Kenilworth National Park and Aquatic Gardens

Fans of Linnea in Monet’s Garden will want to visit Kenilworth National Park and Aquatic Gardens, an oasis situated in the heart of Anacostia. This 12-acre park is the only National Park dedicated exclusively to cultivating water-loving plants. It was founded by Civil War veteran Walter B. Shaw, who transplanted wild water lilies from Maine to an unused ice pond in Anacostia. In 1938, Congress purchased the gardens.

You enter the park, through a shady path with a water fountain. You have two choices — ponds and boardwalk or Marsh River Trail. We chose the ponds and boardwalk and enjoyed seeing over 45 ponds with pink and white hardy water lilies. Tropical water lilies bloom late July through early fall. Lotuses bloom in mid-summer and have seed pods that look like shower heads.

We heard the croaking of frogs but could not spot any. Beautiful dragonflies flew around. The highlight of our visit was our walk on the boardwalk, where we saw two geese families with baby goslings swimming in straight lines.

There are a number of picnic tables and bugs are not a problem. However, watch out for the poison ivy. There is one bench on the far side of the garden has a bench totally surrounded by poison ivy.

My 7 year-old loved the outing and so did we. We had visited for ideas on starting our own water garden. While the beauty of the ponds were inspiring, there was no signage at all. However, the Visitor Center and Bookstore had a few handouts and plenty of books for sale. There was also a nice selection of kids books, Dover books, puzzles, and games. The extremely helpful ranger gave our daughter a Junior Ranger Activity Book, which has information on the gardens and games.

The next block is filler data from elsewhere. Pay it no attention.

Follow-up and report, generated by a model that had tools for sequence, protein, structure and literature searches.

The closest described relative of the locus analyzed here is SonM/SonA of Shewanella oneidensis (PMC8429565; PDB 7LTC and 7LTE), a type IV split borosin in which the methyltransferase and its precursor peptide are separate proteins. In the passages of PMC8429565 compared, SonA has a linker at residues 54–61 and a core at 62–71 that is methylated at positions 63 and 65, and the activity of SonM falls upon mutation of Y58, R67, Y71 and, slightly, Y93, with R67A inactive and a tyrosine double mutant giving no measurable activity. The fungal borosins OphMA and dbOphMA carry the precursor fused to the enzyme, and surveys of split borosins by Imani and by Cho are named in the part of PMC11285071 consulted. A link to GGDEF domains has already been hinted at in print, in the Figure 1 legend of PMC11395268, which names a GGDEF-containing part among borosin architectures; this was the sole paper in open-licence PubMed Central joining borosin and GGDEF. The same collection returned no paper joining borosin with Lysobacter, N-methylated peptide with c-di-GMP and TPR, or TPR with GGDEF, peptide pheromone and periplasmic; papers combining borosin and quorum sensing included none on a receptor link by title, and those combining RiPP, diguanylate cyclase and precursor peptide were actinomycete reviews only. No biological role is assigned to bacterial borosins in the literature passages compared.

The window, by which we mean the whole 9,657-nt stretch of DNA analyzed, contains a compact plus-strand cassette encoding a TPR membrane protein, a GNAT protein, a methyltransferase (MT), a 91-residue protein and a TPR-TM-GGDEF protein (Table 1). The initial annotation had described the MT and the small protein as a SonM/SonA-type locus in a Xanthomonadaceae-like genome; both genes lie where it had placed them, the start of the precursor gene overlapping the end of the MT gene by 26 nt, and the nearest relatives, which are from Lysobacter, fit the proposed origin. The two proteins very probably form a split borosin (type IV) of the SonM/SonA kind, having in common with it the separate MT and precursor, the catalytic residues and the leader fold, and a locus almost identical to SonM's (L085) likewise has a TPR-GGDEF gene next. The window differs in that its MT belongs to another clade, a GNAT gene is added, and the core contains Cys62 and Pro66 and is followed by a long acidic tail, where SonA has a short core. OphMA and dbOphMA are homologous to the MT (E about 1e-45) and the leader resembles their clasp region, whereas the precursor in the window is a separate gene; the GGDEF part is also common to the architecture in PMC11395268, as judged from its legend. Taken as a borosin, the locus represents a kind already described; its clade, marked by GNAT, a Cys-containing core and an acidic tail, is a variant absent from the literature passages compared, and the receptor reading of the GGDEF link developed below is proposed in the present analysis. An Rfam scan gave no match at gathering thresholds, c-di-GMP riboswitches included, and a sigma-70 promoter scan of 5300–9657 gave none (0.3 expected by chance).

The Visitor Center has a cute little table with stools that look like lily pads for kids with a mural backdrop. There are also panels that tell about the history of the gardens and the differences between water lilies and lotuses. An adjoining room has a permanent display of watercolors by Shaw’s daughter Helen Fowler.

Just the ponds and boardwalk took about an hour. We decided to leave the 1/2 mile Wetlands Trail and roughly 1 1/2 mile River Trail for another visit.

Things to Note

  • Admission is free.
  • Grounds are open 7am to 6:30pm daily between Labor and Memorial Day.
  • The Visitor Center is open from 9am to 5pm; bookstore from 9am to 3:30pm.
  • Parking is free and ample.
  • Restrooms in building adjacent to Visitor Center. No changing tables. Water fountains at entrance and near restrooms. Bottled water is for sale in Visitor Center. Only fast food restaurants are available nearby. Picnic instead.

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